"The Heart Pocket is like wearing our heart on our sleeve, a symbol of the vulnerability of expressing emotion," he said. "But it's also a place to hold things close to our hearts."

Longtime Vermonters will recognize many of the locations where the show was filmed, including Shelburne Orchards, Mount Philo in Charlotte, the Vermont Institute of Natural Science in Quechee, and the ECHO Leahy Center for Lake Champlain in Burlington.

Each episode takes on a simple theme or lesson, such as how pollinators do their work, how birds fly and how water moves across the landscape. In the process, Mister Chris also tackles different emotions, such as how to cope with the absence of a parent or loved one.

Even before the show aired, news stories were already favorably comparing "Mister Chris and Friends" to Fred Rogers' iconic PBS series, "Mister Rogers' Neighborhood." The similarities are immediately evident, from Dorman's gentle nature and singsong voice to his literal tip of the hat to Mister Rogers at the start of each episode — by switching hats, Dorman honors Rogers' signature practice of removing his jacket and shoes and donning a cardigan and sneakers.

But the parallels run deeper than mere wardrobe changes. As author Maxwell King explains in his new book The Good Neighbor: The Life and Work of Fred Rogers, Rogers' placid nature belied the intense care and scrutiny he put into choosing every word and song on the show. Rogers' on-air manner of speaking to children with kindness, respect and humility, King notes, amounted to a distinct language that his writers referred to as "Freddish."

Those who work on "Mister Chris and Friends" see many of those same qualities in Dorman.

"When Mister Chris walks into the barn studio and asks viewers, 'How do you feel today?' that's not just a catchphrase. That's genuinely who Chris is, in every aspect of the show," Albee said. From the dialogue to the arc of the story to the musical score, "He's always thinking about the most sensitive kiddos. I'm just in awe of all he's able to juggle in his head."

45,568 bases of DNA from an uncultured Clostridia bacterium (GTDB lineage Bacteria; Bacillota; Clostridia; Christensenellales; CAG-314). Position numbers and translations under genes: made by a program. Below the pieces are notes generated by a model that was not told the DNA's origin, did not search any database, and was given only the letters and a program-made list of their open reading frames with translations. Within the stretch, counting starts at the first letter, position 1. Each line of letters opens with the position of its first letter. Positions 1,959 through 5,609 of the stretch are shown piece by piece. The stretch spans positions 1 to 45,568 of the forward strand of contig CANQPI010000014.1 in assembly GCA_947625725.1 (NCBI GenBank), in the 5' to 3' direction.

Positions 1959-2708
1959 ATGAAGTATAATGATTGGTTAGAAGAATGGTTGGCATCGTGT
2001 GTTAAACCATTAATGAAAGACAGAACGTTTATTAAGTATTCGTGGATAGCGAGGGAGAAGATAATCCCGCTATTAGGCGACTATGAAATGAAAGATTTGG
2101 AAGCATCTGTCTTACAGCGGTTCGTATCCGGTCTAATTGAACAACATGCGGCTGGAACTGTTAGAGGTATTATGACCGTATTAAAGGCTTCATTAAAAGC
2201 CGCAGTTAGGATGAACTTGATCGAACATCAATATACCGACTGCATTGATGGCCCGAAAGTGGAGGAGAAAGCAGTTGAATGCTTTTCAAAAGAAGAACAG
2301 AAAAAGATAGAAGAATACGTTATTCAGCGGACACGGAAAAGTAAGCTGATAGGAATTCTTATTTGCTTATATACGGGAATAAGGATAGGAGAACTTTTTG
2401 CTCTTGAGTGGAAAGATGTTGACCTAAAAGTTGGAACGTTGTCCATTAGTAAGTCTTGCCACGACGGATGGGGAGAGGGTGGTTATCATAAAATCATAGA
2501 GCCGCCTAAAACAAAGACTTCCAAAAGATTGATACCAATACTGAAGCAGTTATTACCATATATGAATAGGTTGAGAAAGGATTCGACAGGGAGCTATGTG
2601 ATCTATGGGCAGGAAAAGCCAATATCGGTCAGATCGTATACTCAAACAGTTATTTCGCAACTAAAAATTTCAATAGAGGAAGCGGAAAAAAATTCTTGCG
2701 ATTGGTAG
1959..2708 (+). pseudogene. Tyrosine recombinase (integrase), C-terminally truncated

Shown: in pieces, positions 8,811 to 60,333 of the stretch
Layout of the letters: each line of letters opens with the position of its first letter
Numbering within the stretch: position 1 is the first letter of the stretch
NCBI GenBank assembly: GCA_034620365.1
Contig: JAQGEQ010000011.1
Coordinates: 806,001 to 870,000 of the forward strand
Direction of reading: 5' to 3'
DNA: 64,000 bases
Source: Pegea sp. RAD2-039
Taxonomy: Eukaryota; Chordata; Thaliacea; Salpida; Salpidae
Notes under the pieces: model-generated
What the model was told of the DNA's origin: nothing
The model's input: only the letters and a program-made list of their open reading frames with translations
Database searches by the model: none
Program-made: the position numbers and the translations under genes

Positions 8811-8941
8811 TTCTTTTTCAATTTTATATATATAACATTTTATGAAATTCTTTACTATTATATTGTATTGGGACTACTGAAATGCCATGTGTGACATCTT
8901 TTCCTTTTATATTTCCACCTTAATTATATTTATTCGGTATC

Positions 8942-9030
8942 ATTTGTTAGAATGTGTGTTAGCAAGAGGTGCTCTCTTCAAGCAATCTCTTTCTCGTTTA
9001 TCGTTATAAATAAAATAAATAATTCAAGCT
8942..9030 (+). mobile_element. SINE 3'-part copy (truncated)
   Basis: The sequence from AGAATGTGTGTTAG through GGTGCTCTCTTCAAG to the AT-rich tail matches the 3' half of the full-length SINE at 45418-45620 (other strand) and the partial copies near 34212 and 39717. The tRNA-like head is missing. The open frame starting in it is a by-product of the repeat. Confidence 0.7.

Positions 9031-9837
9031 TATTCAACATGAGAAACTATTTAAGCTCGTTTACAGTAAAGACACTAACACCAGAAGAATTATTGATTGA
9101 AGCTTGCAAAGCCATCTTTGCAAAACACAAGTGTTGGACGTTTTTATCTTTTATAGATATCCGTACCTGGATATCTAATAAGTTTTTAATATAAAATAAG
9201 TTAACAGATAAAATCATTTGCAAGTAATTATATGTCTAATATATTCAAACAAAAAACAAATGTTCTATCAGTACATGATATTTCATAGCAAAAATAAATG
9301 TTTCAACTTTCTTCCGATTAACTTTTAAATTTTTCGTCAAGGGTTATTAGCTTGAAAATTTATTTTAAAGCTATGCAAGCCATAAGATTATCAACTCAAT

Early in the show's development, Vermont PBS brought in Heather Duhamel, an early childhood education consultant from St. Albans, to advise on the scripts. But as Duhamel noted in a recent interview, it was often Dorman who'd stop production to question whether a particular scene or line of dialogue was fully meeting the needs of every viewer.

She recalled one project in which the team was creating a supplemental activity plan that accompanies each episode. Dorman, she said, noticed that the activity plan included physical movements that not all kids could perform.

So the team reached out to the University of Vermont Center on Disability and Community Inclusion to consult on adding more inclusive language. From then on, Duhamel said, the center worked on all of the activity plans to ensure more sensitivity to viewers' needs and abilities. It addressed such issues as neurodiversity, physical and developmental disabilities, literacy, and English-language proficiency.

As Duhamel put it, "With Chris' encouragement, we've slowed things down and have gone through so many channels of support in the community to make sure that they're reaching all learners" — traits that she, too, likened to those of Rogers.

How does Dorman feel about such comparisons?

"I feel honored," he said. "At the same time, I feel as if it would not be very Mister Rogers to feel as though we have to fill those sneakers. He said so many times that he likes us just the way we are."

"I wish that Mister Rogers was not the only available comparison when a guy like Chris comes along who also happens to be deeply respectful of young children," said Mark Sustic, a musician and early education professional whom Dorman described as his mentor. (Though Sustic appears in one episode, he has no formal role in its production.) "Chris' contribution and example are important for all of us," he said, "especially all the young children and families he inspires."

Evidently, there's a real yearning for children's television that slows things down and speaks to, as Dorman put it, "the most sensitive ears in the room." When Vermont PBS posted its first episode of "Mister Chris and Friends" online, it was viewed in 50 states and provinces across North America.

Despite its initial popularity, however, Dorman said he's not eager to see the show expand nationally, at least not yet. Like all parents, he said, he doesn't want his "baby" to grow up too quickly.

"I consider ourselves to be children in this process," he said. "My hope is that this first season will reach children genuinely and that it'll be the first of many, and we'll see an evolution of this project as the years go on and as we learn, too."

How very Freddish of him.

This story first appeared in the Nov. 21 issue of Seven Days.

This article was originally published in Seven Days' monthly parenting magazine, Kids VT.

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About The Author

Ken Picard

Ken Picard

Ken Picard has been a Seven Days staff writer since 2002. He has won numerous awards for his work, including the Vermont Press Association's 2005 Mavis Doyle award, a general excellence prize for reporters.